Tours are conducted Fridays, Saturdays and Sundays from Memorial Day to Labor Day. The Mine Bus Tour begins at 10:00 a.m., the Fossil Tour at 12:30 p.m., and the Boat Tour at 3:00 p.m. All tours are 1 1/2 hours long. Tour busses and facilities are handicap accessible. Museum, gift shop and observation deck are all open year round. Club House/Museum Hours: Memorial Day to Labor Day, 9 a.m. - 4 p.m., Mon. - Thurs. 9 a.m. - 5 p.m., Fri. - Sun. Labor Day to Memorial Day, 9 a.m. - 4 p.m., Mon. - Fri. Times may be subject to change due to budget cuts so call for current hours. For more information call 218-247-7215.
Located in northern Minnesota between the cities of Grand Rapids
and Ely, the
Trail is a premier Minnesota bike trail winding through some of the state's
prettiest regions. When completed, the trail will traverse 132 miles and connect
more than 25 communities. A superior paved bike trail that is well-mapped and
well-maintained, the Mesabi Trail also makes an interesting walking path. In
2005, 97 miles of trail were planned to be complete and offer convenient
accessibility at numerous entry points. The longest paved sections connect
Nashwauk and McKinley (51 miles through the communities of Hibbing, Chisholm,
Mountain Iron and Virginia), and Grand Rapids to Scenic Highway 7. An
additional section of trail between Marble and Pengilly is scheduled for
completion in 2006. Once completed, the Mesabi Trail will be one of the longest
paved trails in the United States. The trail head is located at the Itasca
County Fairgrounds in Grand Rapids.
Taconite State Trail stretches 165 miles from Grand Rapids
to Ely and intersects with the Arrowhead State Trail just west of Lake
Vermillion. The trail head is located at the Itasca County Fairgrounds in Grand
Rapids and the first 6 miles are paved for biking and in-line
skating. The remainder of the natural surface trail is used primarily for
snowmobiling in the winter. The trail goes through a few areas that have
standing water in the summer, however portions of the trail are suitable for
horseback riding, hiking, and mountain biking.
the afternoon to drive and enjoy the 47-mile Edge of the Wilderness Scenic
Byway that meanders from Grand Rapids north to Effie on Minnesota’s State
Highway 38. The region is studded with lakes and thick with aspen,
birch, pine and maple trees that pop with color in the fall season. The
road winds around 36 lakes, and through state and national forest. The
Chippewa National Forest is home to the largest population of bald eagles
in the continental United States. Keep your eyes on the sky to see them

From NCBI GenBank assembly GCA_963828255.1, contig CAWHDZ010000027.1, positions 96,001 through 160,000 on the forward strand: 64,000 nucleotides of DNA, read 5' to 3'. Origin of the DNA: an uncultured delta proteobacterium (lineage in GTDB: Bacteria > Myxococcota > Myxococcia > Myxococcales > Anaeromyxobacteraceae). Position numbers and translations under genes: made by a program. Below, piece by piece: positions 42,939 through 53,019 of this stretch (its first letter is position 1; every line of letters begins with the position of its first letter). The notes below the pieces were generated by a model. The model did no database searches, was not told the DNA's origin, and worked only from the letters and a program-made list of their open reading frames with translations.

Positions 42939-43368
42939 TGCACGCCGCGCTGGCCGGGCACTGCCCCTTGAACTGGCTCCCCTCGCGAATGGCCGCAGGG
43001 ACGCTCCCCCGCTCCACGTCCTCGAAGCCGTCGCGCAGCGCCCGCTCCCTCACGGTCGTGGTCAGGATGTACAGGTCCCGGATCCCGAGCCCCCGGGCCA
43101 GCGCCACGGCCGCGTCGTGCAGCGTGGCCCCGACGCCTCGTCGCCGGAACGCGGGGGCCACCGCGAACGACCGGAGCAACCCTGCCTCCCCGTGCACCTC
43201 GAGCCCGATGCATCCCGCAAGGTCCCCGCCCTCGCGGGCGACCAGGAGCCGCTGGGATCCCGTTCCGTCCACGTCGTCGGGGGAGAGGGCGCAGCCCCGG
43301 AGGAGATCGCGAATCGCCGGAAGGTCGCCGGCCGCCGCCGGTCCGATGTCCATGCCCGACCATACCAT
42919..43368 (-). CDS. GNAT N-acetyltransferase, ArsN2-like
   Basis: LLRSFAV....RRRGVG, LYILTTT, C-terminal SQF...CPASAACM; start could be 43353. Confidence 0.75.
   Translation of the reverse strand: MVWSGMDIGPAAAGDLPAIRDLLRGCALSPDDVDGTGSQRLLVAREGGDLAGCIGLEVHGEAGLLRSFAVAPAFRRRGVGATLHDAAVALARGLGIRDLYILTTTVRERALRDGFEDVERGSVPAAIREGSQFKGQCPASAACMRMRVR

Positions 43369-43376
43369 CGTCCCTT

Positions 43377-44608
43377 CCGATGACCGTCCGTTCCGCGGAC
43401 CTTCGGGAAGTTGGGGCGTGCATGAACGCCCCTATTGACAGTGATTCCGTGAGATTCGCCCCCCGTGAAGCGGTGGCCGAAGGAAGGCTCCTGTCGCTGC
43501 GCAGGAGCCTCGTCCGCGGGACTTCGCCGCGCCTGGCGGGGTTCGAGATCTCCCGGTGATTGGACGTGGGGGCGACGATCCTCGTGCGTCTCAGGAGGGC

soaring above the byway. White tailed deer also are known to graze in the
fresh grasses along the side of the road.
Thought to be underwater as part of Coddington Lake, a survey mistake in 1882 saved the land of the Lost Forty.
The Cut Foot Sioux Ranger Station, which was completely restored over a period of four years between 1994 and 1998, is the oldest remaining ranger station building in the Forest Service’s Eastern Region. Listed on the National Register of Historic Places, tours are arranged through the Cut Foot Sioux Visitor Information Center.
Trout Lake Semiprimitive Non-motorized Area and the Joyce Estate offer 6,000 acres of forest with 26 miles of shoreline on 11 lakes. Ten miles of old roads and trails provide for hunting, hiking or skiing. The rolling terrain provides scenic views over area lakes wrapped with maple, aspen, birch and scattered pine. Click Here for map.
In the 1880s, William T. Joyce came to the area and started buying land and timber. The area was logged in the early 1900s and the logs were floated out through the chain of lakes to the prairie river and then to the Mississippi River. About 1918, the heir to the family fortune originating in lumber taken from northern Minnesota, David Joyce of Chicago, surveyed the area around Trout Lake with the intention of building a hunting camp. Over the next 17 years he built a 4,500 acre private resort with 40 buildings, a golf course, private telephone line and airplane hangar. The Joyce Family called this place "Nopeming" (meaning place of rest in Ojibwe). The estate operated as a plush private resort for the Joyce Family until 1972 when it was sold to the Nature Conservancy. The Forest Service subsequently acquired it in 1973.
Visitors can tour the grounds of the Joyce Estate and view the rustic log architecture and stickwork characteristic of the Adirondack tradition. The Joyce Estate is located 13 miles north of Grand Rapids, one mile east of the intersection of County Road 60 and State Highway 38.